David Fisher once wrote “What often characterizes visionaries is their lack of vision. It’s a popular idea that people of genius see farther and clearer than other people, but perhaps the truth is actually the opposite. Visionaries often don’t notice the enormous and obvious impediments to realizing their technological dreams – roadblocks apparent to more practical people”.
Have you ever read The AltaVista Search Revolution? Is there any argument that AltaVista’s search engine was a spectacular idea ahead of the market that Google later seized?
I am asked all the time for “What’s the one simple thing that makes a successful startup”. I’ve written and tweeted about about passion, laser focus, speed, agility, leadership but to be clear there is no formula for startup success; Statistically, startup success is a rare and exceptional event. Entrepreneurs are rightfully focused first on innovative ideas, but the genius is seeing the market timing and having the discipline to be ready for it.
When entrepreneurs are in the early stages of vetting their ideas, they are typically very focused on solving a problem that people with money very much want solved; In other words, do you need to use this and how much will you pay for it? Often the pitch deck’s market slides describes broad, existing markets. But pattern recognition using broad historic inspection and patterns are nearly useless for predicting rare future events. Often sufficient conditions are just emerging and predicting scale is nearly impossible. We all know that technology will be mobile, location-based, social and fully personalized – lots of successful startups will be built along the way, but when?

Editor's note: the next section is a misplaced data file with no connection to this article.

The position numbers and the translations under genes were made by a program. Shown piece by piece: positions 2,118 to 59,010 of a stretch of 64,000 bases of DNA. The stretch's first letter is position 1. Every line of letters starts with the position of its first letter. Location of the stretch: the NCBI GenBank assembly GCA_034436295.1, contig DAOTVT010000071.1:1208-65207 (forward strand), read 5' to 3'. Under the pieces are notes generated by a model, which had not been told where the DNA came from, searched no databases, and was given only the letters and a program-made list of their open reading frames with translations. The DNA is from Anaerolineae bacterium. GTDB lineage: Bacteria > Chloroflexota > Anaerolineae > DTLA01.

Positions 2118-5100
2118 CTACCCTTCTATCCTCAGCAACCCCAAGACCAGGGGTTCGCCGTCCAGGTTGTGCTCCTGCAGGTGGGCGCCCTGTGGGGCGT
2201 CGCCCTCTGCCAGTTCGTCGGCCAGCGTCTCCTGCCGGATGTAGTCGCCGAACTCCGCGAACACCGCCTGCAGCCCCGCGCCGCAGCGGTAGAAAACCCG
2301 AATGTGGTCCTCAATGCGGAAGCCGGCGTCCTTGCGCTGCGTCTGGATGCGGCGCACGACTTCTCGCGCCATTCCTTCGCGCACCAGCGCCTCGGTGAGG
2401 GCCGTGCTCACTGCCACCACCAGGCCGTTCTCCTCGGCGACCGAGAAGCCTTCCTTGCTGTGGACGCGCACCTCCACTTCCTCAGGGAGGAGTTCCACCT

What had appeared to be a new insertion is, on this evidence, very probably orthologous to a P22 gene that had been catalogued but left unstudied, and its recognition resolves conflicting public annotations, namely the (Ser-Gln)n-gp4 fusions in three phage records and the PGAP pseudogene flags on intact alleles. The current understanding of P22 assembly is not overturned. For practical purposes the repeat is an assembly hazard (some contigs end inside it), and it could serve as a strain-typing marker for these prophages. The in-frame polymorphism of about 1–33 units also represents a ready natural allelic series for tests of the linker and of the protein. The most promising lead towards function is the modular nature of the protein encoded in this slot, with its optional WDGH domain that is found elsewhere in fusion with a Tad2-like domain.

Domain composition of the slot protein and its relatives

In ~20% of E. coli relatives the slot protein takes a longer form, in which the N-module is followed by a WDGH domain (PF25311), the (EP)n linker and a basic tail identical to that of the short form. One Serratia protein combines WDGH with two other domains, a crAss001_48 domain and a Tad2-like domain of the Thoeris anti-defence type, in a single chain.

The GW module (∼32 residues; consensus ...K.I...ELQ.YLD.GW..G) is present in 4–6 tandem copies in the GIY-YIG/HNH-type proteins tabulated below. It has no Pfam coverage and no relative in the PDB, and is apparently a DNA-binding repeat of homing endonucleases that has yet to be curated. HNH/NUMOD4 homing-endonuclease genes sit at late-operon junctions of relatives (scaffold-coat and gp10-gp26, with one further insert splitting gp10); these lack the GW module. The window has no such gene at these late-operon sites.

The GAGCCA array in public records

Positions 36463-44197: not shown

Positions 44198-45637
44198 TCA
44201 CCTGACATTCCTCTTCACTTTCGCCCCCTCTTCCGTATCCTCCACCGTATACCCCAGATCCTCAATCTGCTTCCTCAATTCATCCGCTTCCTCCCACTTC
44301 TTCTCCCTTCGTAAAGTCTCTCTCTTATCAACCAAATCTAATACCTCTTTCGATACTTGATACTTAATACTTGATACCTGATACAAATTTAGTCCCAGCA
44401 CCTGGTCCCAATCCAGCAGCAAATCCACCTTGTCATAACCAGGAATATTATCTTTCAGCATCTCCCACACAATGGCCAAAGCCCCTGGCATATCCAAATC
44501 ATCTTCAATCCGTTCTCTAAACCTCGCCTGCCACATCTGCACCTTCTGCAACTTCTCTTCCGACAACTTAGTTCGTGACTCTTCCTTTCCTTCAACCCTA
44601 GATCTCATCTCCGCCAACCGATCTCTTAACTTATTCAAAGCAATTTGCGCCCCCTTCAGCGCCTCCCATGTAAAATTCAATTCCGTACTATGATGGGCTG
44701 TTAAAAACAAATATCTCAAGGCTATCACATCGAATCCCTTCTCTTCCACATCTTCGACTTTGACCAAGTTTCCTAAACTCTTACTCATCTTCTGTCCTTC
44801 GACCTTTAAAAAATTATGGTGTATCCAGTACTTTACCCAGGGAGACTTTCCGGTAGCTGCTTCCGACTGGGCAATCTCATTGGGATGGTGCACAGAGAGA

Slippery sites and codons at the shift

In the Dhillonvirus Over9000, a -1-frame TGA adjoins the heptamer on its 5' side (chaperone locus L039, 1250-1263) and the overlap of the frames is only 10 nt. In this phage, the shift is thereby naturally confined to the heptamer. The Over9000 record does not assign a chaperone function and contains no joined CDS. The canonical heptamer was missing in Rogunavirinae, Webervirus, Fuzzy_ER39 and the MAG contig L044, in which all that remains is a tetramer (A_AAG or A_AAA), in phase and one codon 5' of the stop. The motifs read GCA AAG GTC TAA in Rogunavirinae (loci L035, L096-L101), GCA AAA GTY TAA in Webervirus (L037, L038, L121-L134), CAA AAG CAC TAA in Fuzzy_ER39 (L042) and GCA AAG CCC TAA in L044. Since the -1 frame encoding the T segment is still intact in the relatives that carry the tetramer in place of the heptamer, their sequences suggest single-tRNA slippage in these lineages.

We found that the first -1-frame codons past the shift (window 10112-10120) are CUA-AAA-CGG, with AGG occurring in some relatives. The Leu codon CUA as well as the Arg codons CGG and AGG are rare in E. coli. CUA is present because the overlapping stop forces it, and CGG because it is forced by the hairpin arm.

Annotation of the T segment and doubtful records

Again, the genius is seeing the market timing *and* having the discipline to be ready for it. This means, manage your resources accordingly. The basics are emerging trends usually take longer than the enthusiastic entrepreneur expects, so keep that burn low, lengthen the runway, work hard/smart and be patient. If you’re entering a market that is already trending, you should ramp aggressively.
Finally, sometimes random, unexpected and uncontrollable events make significant changes to market conditions. Sometimes these events are favorable, some will say “lucky” and sometimes these are catastrophic – for example, the events of 911 crushed the financial markets and nailed the dot-com coffin closed.
More than once, I’ve found myself significantly out in front of the market, then the real challenges and tough decisions take place.